The rim of a big Martian crater curves off into the distance in a gorgeous new photo taken by a long-lived NASA rover.
The image, a compilation of photos by NASA's Opportunity rover on April 18, provides a great look at the 14-mile-wide (22 kilometers) Endeavour Crater, which Opportunity has been exploring since August 2011.
"The small impact crater visible in the distance on the slopes of the far rim is about 740 feet (about 225 meters) in diameter and is 13 miles (21 kilometers) away," NASA officials wrote in a description of the image on Tuesday (May 20).
"The high peak in the distance on the right is informally named 'Cape Tribulation' and is about 1.2 miles (2 kilometers) to the south of Opportunity's position when this view was recorded," they added. "The rim curves off to the left from Cape Tribulation in a series of peaks towards the far southern crater rim."
Opportunity was at a point along Endeavour's western rim called "Murray Ridge" when it captured the new image. The six-wheeled robot has since rolled southward, reaching and exploring some of the dark outcrops visible on the right side of the photo, officials said.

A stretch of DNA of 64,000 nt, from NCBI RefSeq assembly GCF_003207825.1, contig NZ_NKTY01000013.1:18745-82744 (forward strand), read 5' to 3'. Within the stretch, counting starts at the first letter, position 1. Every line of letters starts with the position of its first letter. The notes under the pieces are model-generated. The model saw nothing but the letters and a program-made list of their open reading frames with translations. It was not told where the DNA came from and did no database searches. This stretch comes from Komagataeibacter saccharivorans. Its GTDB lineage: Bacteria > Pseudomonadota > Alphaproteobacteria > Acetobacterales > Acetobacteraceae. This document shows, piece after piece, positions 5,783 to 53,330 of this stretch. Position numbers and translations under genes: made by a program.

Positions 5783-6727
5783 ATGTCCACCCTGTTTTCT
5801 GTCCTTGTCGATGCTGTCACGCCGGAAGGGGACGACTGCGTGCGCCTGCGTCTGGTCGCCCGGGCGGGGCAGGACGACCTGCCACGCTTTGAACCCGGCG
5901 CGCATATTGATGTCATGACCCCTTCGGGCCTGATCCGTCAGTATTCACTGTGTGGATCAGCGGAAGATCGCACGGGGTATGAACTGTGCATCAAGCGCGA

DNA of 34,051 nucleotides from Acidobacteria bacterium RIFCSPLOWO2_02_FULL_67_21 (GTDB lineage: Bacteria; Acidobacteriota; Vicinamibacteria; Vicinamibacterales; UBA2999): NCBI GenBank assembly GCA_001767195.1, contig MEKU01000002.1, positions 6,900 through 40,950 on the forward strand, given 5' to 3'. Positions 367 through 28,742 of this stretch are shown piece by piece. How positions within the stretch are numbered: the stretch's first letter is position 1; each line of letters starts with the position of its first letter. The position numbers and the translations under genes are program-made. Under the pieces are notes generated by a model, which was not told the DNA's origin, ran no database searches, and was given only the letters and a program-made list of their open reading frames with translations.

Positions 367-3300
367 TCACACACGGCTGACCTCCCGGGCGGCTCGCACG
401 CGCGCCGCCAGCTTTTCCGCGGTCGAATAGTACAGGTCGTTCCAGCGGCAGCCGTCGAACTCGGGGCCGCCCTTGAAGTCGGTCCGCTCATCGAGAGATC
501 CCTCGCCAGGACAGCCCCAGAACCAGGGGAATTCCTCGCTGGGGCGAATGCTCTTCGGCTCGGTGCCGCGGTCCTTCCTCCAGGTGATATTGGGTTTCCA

Opportunity landed on Mars in January 2004, a few weeks after its twin, Spirit. The two rovers were tasked with 90-day missions to search for signs of past water activity on the Red Planet.
Both Spirit and Opportunity found plenty of such evidence, then kept exploring long after their warranties had expired. NASA declared Spirit dead in 2011, and Opportunity is still going strong today.
Opportunity has traveled 24.49 miles (39.41 km) on Mars to date, the greatest distance ever covered on the surface of another world by an American vehicle. The world record for offworld driving is held by the Soviet Union's remote-controlled Lunokhod 2 rover, which covered 26 miles (42 km) on the moon in 1973.
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